Middle East

Ankara allowed its outpost to merge with terrorist fortifications in Idlib: Russia

Moscow says Ankara has failed to live up to its commitments under a deal to enforce a demilitarized zone in Idlib, complaining that the Turkish military has allowed its observation posts to merge with terrorist fortifications in the northwestern Syrian province.

In a statement released on Wednesday, Russian Defense Ministry spokesman Major General Igor Konashenkov blasted Turkey for amassing troops in Idlib and the Western countries for turning a blind eye to the unlawful military build-up.

“No one in the West notices the actions of the Turkish side, which, in violation of international law, has deployed a strike force the size of a mechanized division to Syria’s Idlib,” he said.

Terrorist fortifications have merged with Turkish outposts in Idlib, said the official, adding that “attacks and mass artillery fire on neighboring civilian settlements and the Russian airbase at Khmeimim turned from sporadic to daily.”

“Amid the total cynicism and the West’s fake concerns over the humanitarian situation in the Idlib de-escalation zone, only the Russian center for reconciliation of the opposing sides and the legitimate Syrian government deliver to the liberated areas all the needed assistance for local residents daily,” he said.

“All of Russia’s official requests to the UN and Western countries — who delivered humanitarian aid across the Turkish border and all of it went not to refugees, but to terrorists — remained unanswered. All we heard were the lamentations about the need to ‘preserve the Sochi agreements at all costs,’” he added.

In September 2018, Turkey and Russia signed an agreement in the Black Sea resort of Sochi, under which Ankara was required to establish observation posts in the militant-controlled Idlib and separate extremist terrorist from other armed anti-Damascus militant groups willing to engage in peace talks with the Syrian government.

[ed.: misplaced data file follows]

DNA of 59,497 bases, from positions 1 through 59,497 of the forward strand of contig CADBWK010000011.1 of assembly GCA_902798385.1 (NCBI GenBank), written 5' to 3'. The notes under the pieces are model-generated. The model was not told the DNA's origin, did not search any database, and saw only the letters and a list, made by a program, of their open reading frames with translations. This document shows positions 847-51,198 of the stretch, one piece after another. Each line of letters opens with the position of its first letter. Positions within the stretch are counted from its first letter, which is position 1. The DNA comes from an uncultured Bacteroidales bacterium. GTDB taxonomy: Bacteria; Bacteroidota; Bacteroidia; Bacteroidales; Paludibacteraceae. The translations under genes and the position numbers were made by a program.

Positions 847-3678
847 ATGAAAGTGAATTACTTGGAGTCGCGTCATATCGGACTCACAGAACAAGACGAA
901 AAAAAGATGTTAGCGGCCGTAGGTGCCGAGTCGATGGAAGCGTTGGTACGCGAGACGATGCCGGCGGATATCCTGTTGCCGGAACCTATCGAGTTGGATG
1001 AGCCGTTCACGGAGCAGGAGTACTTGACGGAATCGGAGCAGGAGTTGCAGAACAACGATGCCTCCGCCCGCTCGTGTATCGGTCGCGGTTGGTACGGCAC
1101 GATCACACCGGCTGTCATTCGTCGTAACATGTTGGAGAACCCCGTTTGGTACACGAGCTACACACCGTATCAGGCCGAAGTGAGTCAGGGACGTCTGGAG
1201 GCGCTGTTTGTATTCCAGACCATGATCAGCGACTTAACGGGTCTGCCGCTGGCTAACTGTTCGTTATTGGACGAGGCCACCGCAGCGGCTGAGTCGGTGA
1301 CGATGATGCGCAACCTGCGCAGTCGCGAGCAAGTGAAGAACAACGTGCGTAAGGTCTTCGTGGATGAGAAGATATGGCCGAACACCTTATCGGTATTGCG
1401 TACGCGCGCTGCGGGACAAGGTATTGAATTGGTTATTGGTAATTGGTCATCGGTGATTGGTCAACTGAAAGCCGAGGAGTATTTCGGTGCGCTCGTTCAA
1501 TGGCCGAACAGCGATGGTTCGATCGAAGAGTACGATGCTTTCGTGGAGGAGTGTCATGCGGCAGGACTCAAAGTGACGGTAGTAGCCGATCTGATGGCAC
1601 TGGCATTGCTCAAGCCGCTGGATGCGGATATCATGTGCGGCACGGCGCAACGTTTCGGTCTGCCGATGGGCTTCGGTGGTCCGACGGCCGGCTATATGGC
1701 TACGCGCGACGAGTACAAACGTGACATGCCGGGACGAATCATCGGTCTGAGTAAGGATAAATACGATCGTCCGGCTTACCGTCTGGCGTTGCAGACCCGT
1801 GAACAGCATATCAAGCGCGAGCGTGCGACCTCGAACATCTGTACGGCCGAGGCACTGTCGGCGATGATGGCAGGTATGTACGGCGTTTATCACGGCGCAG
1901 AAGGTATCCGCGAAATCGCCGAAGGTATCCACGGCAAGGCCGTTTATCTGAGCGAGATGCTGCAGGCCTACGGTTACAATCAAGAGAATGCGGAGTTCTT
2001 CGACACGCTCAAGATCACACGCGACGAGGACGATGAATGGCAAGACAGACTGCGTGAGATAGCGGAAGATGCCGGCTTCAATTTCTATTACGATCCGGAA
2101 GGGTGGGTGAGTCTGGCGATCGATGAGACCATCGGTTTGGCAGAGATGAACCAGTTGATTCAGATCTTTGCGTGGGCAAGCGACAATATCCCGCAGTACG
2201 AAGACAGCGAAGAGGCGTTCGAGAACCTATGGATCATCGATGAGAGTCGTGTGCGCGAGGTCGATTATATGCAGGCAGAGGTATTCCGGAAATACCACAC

Turkey was also obliged to take effective measures to ensure a lasting ceasefire in the region.

Currently, however, foreign-backed terrorist rule supreme in Idlib in quite close proximity to the Turkish troops. They also continue to target Syrian troops and allied Russian personnel.

Syria launched a counter-terrorism offensive in Idlib and neighboring areas last December, but the campaign coincided with a massive deployment of troops and military equipment by Turkey, which is evidently upset by changing conditions on the ground.

Last week, the Turkish government allowed the refugee to enter Europe, after accusing the Europeans of not doing enough to help it with the refugees as well as its failing to have Moscow stop Damascus’ advances in Idlib.

It came on the back of an air strike by Syrian forces in Idlib that killed at least 36 Turkish soldiers, whom Russia said were “in the battle formations of terrorist groups.”

Top EU diplomat visits Turkey, urges Idlib de-escalation

On Tuesday, EU foreign policy chief Josep Borrell met with Turkish Interior Minister Suleyman Soylu in Ankara to discuss the situation along the EU-Turkey border.

“Pressure and unilateral action are not an answer. We need to work hand in hand to address common challenges, for the benefit of both Turkey and the EU,” Borrell tweeted.

He also sat down for talks with Turkish Defense Minister Hulusi Akar and underlined the need for Idlib de-escalation.

Idlib is the only large territory in the hands of terrorists after the Syrian military managed to undo militant gains across the Arab country and bring back almost all of Syrian soil under government control.

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